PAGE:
A tale of the love between ambulance driver Lt. Henry and Nurse Catherine Barkley during World War I. The action takes place in Italy and the two fall in love during the war and will stop ... See full summary »
John has lead a solitary life for thirty years since the death of Moonyeen Clare. But now Owens, a close friend, insists that he care for his niece, Kathleen, orphaned when her parents were... See full summary »
In the Depression, Pete and Sidney are good kids, working hard, giving money to their parents, and engaged for three years while they save to get married. Each has a selfish mother: ... See full summary »
Mary, a poor farm girl, meets Tim just as word comes that war has been declared. Tim enlists in the army and goes to the battlefields of Europe, where he is wounded and loses the use of his... See full summary »
Guinn 'Big Boy' Williams
A mug and a jane: Dorothy knows that every guy is going to make a pass at her; Eddie knows that every gal wastes her money on good times. He's saving to open a repair shop. When the two of them meet, they can't believe they get along. One evening he leaves her waiting in the rain; she finds his apartment and reads him the riot act. They end up spooning and napping until 4 AM. She's afraid of her brother, who's her guardian, so Eddie figures she should tell her brother that she's getting married the next morning. Dorothy tries out the story but knows Eddie won't show up. It's the first of a series of promises, fears, miscalculations, and hard knocks. Where will they end up? Written by
At 31:54, Dot's right arm changes position. See more »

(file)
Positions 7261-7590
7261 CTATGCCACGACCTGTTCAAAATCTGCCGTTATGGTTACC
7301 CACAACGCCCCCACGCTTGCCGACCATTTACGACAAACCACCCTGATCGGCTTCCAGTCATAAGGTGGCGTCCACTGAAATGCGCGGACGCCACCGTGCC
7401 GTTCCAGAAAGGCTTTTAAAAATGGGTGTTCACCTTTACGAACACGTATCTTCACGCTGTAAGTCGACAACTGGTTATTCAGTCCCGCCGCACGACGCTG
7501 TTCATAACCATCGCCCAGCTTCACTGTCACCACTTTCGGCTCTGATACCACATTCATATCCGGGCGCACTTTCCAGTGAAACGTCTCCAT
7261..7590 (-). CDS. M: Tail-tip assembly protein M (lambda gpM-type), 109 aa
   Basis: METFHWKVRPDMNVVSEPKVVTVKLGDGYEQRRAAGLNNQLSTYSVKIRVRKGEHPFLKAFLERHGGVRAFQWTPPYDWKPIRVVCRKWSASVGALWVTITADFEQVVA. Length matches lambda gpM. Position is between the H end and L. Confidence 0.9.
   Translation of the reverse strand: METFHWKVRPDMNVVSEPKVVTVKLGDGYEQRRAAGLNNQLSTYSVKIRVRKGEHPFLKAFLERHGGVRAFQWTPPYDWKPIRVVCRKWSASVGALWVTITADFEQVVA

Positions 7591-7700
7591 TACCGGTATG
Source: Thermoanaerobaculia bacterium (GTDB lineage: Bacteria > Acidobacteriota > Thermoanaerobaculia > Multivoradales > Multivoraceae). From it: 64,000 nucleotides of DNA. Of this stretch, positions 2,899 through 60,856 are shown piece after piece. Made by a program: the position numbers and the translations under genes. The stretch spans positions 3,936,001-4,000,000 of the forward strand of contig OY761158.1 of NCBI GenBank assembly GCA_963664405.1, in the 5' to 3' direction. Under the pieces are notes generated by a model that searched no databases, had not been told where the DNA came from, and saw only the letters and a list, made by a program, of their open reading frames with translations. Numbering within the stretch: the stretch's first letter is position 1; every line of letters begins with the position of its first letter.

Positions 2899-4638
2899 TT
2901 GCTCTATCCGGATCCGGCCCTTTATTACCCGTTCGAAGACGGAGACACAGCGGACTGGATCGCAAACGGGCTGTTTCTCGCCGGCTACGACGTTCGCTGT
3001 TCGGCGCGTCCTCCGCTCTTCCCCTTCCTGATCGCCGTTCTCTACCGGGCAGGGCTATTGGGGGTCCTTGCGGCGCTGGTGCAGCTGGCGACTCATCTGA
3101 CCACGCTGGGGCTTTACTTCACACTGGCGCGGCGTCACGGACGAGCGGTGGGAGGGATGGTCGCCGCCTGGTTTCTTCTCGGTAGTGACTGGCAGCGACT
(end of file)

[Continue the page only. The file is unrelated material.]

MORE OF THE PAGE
I gotta go upstairs now. You see, my mother's dead, and my brother's boss of the house. He gets sore when I stay out late. You know, he's careful for me. But as Edna says, you can't watch a girl hard enough to keep her good if she don't want to be.
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I finally tracked down Bad Girl. It had been on my list of wanna sees for years as it had won a major Oscar for Best Director- Frank Borzage.It was one of those tantalizing early talkies that had not actually been lost it had merely fell from sight. When I finally saw it last year at a Borzage revival, the film was a revelation.It was a pre-code delight about an ordinary couple, falling in love, struggling financially and having a baby etc.It most reminded me of the great silent film-The Crowd, which dealt with similar matters. What was especially fascinating to me was its depiction of "average" lower middle class types and how they lived and spoke in Depression America. The apartments... the slang, all of it, seemed real. It wouldn't be until the 50's neo realism hit American movies that we would see ordinary people depicted on the screen again, without condescension The movie has all the Borzage trademarks- love surviving against all odds, even an exciting if a little hokey climax.Unfortunately, the film has been slighted often in movie books,most likely, because the authors have never actually seen it. If it is ever shown again, try to see it. It's a wonderful peek at average city folks in Depression America.
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